As luck would have it, the day I chose to arrive at camp, August 10th,  just happened to be National S’mores Day–score!! Who knew it was a thing? But I cannot imagine a better place on earth to be on National S’mores Day than at Girl Scout Camp! We celebrated with a fabulous bonfire, singalong, marshmallows toasted on sticks, and a few mosquitoes to complete the woodsy atmosphere.  I discovered a new taste sensation–using a peanut butter cup sandwiched between the graham crackers and marshmallow, in place of the traditional plain chocolate bar. I am still thinking about how delicious that tasted–maybe the fresh air and female empowerment are enhancing the memory?

Camp CEO was an all-around wonderful experience. I’m grateful that we have organizations such as Girl Scouts to provide opportunities like this, which bond women and girls together to inspire the next generation of leaders. But the inspiration works both ways, because I came home uplifted by Trinity and all the other young women I now know who give me hope for a bright future for us all.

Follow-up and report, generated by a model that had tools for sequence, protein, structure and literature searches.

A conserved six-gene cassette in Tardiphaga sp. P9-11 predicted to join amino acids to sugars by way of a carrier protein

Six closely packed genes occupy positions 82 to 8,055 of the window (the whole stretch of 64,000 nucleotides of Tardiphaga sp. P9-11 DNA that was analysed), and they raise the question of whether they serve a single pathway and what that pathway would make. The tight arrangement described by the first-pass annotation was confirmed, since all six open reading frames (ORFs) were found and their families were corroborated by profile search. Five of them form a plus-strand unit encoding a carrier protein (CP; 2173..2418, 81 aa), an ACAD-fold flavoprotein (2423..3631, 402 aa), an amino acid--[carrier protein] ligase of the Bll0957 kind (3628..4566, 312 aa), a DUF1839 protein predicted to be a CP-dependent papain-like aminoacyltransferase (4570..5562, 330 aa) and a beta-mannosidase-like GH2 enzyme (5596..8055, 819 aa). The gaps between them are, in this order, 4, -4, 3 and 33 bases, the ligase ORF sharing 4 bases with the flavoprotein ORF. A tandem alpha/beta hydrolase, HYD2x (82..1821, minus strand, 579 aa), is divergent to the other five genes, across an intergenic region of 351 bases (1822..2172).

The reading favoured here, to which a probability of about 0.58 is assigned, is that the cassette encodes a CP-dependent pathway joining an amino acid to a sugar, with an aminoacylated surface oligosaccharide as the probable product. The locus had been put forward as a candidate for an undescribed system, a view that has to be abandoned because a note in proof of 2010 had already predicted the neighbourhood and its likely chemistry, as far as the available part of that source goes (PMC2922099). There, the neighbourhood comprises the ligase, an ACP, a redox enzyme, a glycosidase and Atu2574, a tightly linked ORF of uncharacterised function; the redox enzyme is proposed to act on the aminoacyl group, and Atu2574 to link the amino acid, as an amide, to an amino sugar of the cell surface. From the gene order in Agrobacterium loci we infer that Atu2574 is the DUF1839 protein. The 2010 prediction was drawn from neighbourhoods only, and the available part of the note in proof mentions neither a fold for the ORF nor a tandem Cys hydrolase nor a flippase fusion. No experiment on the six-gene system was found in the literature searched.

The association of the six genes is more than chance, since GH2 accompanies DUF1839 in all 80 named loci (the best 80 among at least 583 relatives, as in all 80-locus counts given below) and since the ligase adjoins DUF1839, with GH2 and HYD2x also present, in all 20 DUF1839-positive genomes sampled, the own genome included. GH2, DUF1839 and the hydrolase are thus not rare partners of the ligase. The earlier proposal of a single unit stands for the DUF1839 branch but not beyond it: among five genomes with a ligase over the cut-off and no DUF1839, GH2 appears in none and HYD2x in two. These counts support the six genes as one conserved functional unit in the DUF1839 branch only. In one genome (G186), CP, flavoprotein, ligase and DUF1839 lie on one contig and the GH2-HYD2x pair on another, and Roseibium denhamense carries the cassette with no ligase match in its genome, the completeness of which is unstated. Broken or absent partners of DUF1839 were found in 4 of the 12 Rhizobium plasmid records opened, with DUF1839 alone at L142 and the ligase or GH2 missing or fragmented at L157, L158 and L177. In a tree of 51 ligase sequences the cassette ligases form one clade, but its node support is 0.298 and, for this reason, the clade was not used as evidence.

Adding our hopes and wishes to the "Dreaming Your Future" dream-catcher at Camp CEO.

Adding our hopes and wishes to the “Dreaming Your Future” dream-catcher at Camp CEO.

Such a Financial State

(L to R) Long Grove Village President Angie Underwood, Hawthorn Woods Mayor Joe Mancino, and Illinois Comptroller Leslie Munger at the July 14th Lake County Municipal League Meeting.

(L to R) Long Grove Village President Angie Underwood, Hawthorn Woods Mayor Joe Mancino, and Illinois Comptroller Leslie Munger at the July 14th Lake County Municipal League Meeting.